Although the business purpose requirement has been most often explained in the context of reorganizations, it has application elsewhere, too. Take the recent Tax Court case, Nicole Rose Corp. v. Commissioner, 117 T.C. No. 27 (Dec. 28, 2001). The Tax Court there disallowed a $22 million deduction because the court found that the transactions lacked business purpose and economic substance (the latter being a related but technically distinct doctrine).

In 1992 Quintron Corp. negotiated with Loral Aerospace Corp. for the sale to Loral of Quintron stock or assets. In 1993 representatives of Intercontinental Pacific Group Inc. (IPG), the parent of QTN Acquisition Inc. (QTN), suggested that with IPG's and QTN's participation as an intermediary in the transaction, the stock in Quintron could be sold, and Loral could purchase the Quintron assets. In September 1993 QTN purchased the Quintron shareholders' stock for $23,369,125. QTN financed the purchase through a bank loan. QTN was merged into Quintron, and Quintron survived, controlled by IPG.

By prearrangement and simultaneously with the stock purchase, Quintron sold its assets to Loral for $20.5 million plus the assumption by Loral of Quintron liabilities. Quintron's name was changed in 1993 to Nicole Rose Corp. Quintron used the $20.5 million to pay off the loan used to purchase the Quintron stock. Quintron, QTN, IPG, and other entities controlled by Douglas Wolf, the controlling shareholder of IPG, planned and participated in a series of complicated tax-oriented transactions involving the establishment and transfer of Quintron's interests in leases of computer equipment and related trusts. The IRS issued a deficiency notice to Quintron for 1992-1994, disallowing the business expense deductions for $400,000 and $21,840,660 relating to the transaction that Quintron claimed on its 1994 return. The IRS also disallowed a claimed net operating loss carryback deduction to 1992-1993.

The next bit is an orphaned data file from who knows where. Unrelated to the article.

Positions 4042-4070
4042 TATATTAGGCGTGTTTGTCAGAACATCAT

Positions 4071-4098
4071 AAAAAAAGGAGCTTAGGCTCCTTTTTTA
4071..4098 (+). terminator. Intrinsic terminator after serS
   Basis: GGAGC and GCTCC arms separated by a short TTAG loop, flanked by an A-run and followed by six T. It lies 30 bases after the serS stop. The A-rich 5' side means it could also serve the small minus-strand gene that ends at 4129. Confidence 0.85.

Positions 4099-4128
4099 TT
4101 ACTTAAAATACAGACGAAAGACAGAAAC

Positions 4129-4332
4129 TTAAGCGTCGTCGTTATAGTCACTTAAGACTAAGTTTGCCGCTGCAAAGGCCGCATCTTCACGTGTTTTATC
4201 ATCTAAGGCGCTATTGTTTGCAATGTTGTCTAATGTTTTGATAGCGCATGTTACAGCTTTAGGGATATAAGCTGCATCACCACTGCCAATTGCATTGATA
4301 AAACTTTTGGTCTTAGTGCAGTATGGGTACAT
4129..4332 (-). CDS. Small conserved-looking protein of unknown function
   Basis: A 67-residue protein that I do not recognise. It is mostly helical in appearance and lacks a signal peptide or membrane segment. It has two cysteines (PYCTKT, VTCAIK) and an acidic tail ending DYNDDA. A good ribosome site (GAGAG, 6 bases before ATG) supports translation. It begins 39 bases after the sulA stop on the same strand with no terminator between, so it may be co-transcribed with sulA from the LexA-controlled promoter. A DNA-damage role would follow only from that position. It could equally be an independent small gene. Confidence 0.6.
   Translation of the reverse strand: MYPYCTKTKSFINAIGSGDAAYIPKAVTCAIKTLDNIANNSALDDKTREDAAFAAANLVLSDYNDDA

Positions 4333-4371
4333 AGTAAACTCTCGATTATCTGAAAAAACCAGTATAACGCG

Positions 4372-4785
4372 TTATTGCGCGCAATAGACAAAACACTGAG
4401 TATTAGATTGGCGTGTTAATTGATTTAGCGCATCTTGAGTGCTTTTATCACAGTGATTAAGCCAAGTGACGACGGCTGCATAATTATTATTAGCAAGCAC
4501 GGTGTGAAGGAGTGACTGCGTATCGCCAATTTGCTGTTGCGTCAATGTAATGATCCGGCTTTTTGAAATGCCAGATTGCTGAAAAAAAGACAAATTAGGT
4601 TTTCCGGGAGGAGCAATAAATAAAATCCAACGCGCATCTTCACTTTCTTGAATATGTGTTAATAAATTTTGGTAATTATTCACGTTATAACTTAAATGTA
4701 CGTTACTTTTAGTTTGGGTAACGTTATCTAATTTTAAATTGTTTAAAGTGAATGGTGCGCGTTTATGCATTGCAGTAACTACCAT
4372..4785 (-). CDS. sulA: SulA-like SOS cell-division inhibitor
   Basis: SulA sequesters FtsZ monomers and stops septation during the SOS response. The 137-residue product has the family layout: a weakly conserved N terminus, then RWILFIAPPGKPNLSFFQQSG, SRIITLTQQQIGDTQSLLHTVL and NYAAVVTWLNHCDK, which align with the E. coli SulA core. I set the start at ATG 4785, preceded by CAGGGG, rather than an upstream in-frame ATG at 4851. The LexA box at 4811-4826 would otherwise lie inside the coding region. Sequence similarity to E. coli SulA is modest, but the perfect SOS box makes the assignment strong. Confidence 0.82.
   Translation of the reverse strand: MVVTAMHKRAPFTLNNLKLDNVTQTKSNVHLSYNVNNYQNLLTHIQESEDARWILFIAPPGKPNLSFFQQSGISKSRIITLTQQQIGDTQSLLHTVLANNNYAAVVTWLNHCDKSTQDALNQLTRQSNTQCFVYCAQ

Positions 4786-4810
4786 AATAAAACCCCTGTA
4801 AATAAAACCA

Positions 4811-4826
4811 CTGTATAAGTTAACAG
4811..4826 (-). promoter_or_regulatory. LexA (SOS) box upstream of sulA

No Way...

The Tax Court noted that under any version of the business purpose and economic substance tests, the transactions in this case lacked both business purpose and economic substance. The court dismissed Quintron's reasoning that the transfer should be treated as a payment by Quintron to a bank in exchange for cancellation of Quintron's obligation on an onerous lease. Quintron claimed that the certificate it received had significant value and potential for profit, and that the profit potential explained and supported Quintron's participation in a legitimate for-profit transaction.

The IRS claimed that the transfers to the bank and its assumption of Quintron's obligations lacked economic substance, and the court agreed. The Tax Court noted that Quintron never was genuinely obligated under the transactions and that Quintron's sole purpose for the transfers to the bank was to create the claimed tax deduction. Noting that Quintron's claimed deduction related to interests that were held for less than a day in the leaseback and in the trust fund, the court found that they were "merely a tax ploy, a sham, without business purpose." Finally, noting that Quintron participated in an obvious scheme to reap the benefits of ordinary business expense deductions with no business purpose, the Tax Court concluded that Quintron was liable for accuracy- related penalties under Section 6662. Nicole Rose Corp. v. Commissioner, 117 T.C. No. 27 (Dec. 28, 2001).

Business Purpose: A Universal Maxim?, Vol. 10, No. 12, The M&A Tax Report (July 2002), p. 1.